As the fourth installment in a series on individual skills people can improve to contribute to being part of a more successful team, I’m focusing in on feedback. This post is specifically focused on individuals that keeps quiet and don’t provide their team with feedback, or when they do, spend too much time in couching the feedback that it actually gets lots.
Being sensitive to others and thinking about how someone will react to constructive criticism is a good skills, however being overly concerned is robbing your team mates of valuable input. If you often find yourself evaluating how someone will emotionally react, you likely spend a lot of time listening and being in tune with others. You need to use this skill and push past your concerns that the person won’t like what you have to say. Use your skills in intuitively understanding what is important to others to deliver the message in a way that can be heard.
Feedback really is a gift, so be confident in your intentions. If you are providing feedback to help someone improve personally or for the team to improve results, focus on why it is important. Push yourself to be very succinct, don’t feel the need to provide the individual with all your rational as to why you need to deliver the message to them. Keep in mind the following key points on how to deliver effective feedback;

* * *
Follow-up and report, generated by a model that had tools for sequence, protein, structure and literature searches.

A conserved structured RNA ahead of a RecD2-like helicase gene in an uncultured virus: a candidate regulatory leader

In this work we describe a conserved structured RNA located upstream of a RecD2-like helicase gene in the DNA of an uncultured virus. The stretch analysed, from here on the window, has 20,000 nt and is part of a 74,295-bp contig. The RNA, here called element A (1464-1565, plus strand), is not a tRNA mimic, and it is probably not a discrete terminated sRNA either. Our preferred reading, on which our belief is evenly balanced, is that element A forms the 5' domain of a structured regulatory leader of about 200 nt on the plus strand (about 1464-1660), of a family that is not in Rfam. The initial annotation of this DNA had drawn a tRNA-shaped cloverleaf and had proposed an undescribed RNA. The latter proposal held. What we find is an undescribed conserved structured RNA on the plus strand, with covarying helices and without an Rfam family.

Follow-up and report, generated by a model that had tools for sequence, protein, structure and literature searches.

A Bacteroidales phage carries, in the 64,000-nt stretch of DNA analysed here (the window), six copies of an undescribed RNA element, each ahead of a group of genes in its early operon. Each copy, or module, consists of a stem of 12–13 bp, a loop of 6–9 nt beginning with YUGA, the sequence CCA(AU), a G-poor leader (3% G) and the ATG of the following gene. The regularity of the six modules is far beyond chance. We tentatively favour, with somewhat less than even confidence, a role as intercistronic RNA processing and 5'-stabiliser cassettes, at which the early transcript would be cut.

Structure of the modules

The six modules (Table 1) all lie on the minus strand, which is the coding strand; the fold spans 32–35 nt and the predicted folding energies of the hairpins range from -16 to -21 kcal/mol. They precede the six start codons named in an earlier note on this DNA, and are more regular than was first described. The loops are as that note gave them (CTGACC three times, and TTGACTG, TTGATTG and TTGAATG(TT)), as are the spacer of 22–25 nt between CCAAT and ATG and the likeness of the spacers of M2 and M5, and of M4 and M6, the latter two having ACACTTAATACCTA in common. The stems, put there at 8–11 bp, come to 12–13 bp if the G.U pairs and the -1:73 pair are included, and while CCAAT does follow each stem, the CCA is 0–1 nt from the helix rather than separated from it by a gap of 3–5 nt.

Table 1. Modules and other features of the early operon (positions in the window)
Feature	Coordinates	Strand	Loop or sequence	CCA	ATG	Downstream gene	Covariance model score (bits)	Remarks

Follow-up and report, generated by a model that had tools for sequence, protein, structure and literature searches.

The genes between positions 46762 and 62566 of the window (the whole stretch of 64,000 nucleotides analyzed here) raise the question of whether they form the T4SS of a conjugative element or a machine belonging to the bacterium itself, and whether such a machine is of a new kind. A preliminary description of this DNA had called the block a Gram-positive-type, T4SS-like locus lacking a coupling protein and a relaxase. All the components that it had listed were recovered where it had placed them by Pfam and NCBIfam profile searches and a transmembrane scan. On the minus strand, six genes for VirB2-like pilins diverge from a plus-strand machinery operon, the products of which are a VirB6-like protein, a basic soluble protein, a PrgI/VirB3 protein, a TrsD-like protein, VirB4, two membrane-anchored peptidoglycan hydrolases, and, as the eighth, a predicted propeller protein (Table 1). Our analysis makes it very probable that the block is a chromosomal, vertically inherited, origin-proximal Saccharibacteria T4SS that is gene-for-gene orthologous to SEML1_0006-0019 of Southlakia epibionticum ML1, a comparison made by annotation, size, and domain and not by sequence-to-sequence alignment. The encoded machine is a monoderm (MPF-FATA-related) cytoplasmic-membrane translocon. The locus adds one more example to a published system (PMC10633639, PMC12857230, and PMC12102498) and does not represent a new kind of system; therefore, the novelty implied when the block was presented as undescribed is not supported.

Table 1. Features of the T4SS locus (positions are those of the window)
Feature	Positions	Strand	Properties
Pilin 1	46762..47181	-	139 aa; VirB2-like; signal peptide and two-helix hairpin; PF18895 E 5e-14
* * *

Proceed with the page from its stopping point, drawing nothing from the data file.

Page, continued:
Supply information, rather than simply praise or criticism.
Provide the feedback as “could” not “should” so people don’t feel they are being controlled.
Focus the feedback on goals of what will be achieved as a result.
Reflecting on your opportunities for improvement is important for all of us to do on a regular basis. Pushing yourself to deliver feedback versus sitting back and observing, shows your team you are engaged and will also help build trust and improve overall team performance.